Tia turned toward the advancing footsteps and let out a gasp. The boy sketch artist and his father were running swiftly towards them from the other end of the throne room. She caught a flicker of movement in the far, shadowy corner—the guard at the back of the room moving towards the king to protect him.
King Orrus rose to his feet, his face set in a stony mask.
“Who are these interlopers? Arrest them, and then go remind the gods-damned secretary I gave strict orders not to be disturbed.”
“Your Majesty, please!” said the boy’s father, speaking quickly. “My name is Dunna Jore, and I used to be a member of the city guard. My son here, Thurie, may be small, but it’s him who drew the sketch of the Firefly Hollow Killer. What I mean to say is that we are loyal subjects, coming before you in this manner out of desperation. You must know: a traitor is lurking in your palace!”
King Orrus’s eyebrows drew together. “What nonsense is this?” The adviser at his side let out a sigh, but the king waved his hand. “No, Flank, I’ll hear him out. Perhaps he speaks the truth—and if not, he’ll provide us a bit of entertainment. My apologies, Miss Inkman. Now go ahead. What is this treachery you speak of?”
As Tia listened in wonder, Dunna Jore began to weave a tale about a royal guard who had disguised himself as the Firefly Hollow Killer so he could pin the crime on a notorious, wanted criminal.
The whole thing was too unbelievable, too fantastic to be truth… but Tia kept flashing back to her confusion when she’d heard the Firefly Hollow Killer and the stagehand were one and the same.
Wasn’t it strange for a killer to progress from preying on lone girls to suddenly staging a massacre before the entire city? Or was there simply no understanding the minds of the mad?
Perhaps this man just wanted attention. Perhaps he was searching for conspiracies that didn’t exist. But some whisper in the back of Tia’s mind began wondering if maybe—just maybe—Dunna Jore and his son may have stumbled across some plot just perfect enough to fool a kingdom.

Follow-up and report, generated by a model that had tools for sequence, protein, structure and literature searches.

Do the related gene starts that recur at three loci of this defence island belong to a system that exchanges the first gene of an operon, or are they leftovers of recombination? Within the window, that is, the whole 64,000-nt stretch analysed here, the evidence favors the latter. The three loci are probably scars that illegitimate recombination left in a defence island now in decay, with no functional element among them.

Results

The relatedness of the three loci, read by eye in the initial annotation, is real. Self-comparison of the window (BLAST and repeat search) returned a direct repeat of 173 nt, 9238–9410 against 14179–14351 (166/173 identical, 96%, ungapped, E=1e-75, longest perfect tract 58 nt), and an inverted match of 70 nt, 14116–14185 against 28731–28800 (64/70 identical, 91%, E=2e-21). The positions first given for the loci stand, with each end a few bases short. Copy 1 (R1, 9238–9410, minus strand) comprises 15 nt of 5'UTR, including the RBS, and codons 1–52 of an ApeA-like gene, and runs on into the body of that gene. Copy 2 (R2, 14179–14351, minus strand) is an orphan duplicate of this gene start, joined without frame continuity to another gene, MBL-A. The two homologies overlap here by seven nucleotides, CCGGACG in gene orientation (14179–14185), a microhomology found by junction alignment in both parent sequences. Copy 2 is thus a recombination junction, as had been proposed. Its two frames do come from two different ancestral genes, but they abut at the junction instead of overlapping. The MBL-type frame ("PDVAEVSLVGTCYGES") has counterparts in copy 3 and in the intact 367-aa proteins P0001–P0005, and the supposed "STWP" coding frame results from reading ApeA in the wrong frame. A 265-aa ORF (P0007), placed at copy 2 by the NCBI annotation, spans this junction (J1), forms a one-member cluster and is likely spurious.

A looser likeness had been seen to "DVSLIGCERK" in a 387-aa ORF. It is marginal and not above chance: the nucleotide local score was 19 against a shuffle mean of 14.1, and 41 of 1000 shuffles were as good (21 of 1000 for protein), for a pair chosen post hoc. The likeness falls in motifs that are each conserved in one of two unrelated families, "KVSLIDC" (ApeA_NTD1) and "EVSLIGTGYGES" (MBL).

Thurie kept sneaking glances at King Orrus as his father continued his story. He couldn’t help it; searching the faces of those around him had become a compulsion, a necessity, ever since that awful night. And this was King Orrus, ruler of all Hygot, little more than ten steps away. How could he not look?
The king was a robust-looking man in his mid-thirties. He gazed down from his throne, dark, clever eyes seeing all. Thurie thought he would have been handsome were it not for the pressure of running a kingdom; the king’s face was perhaps more lined than it should be, though he disguised it with an impeccably trimmed beard. An aura of energy surrounded him; here was a man who had learned to make quick decisions that could mean life or death to his people.
Thurie knew full well that his father’s decision to sneak into the palace had been a bad one. His hope was they would simply be thrown out—but all bets were off when counting on the mercy of kings. The king kept his features neutral as his father wound up his story, but the man called Flank was doing a worse job hiding his thoughts. A muscle on the side of his mouth was twitching, his eyes narrowed to an angry squint.
These men would have been seated front and center before the Queen’s Fair dancers. Could it really have been just yesterday that those dancers were slain? There wasn’t a single scratch on the king or his adviser. Thurie’s thoughts flashed back to the burned, mangled bodies strewn about the stage.
There are some things worse than death.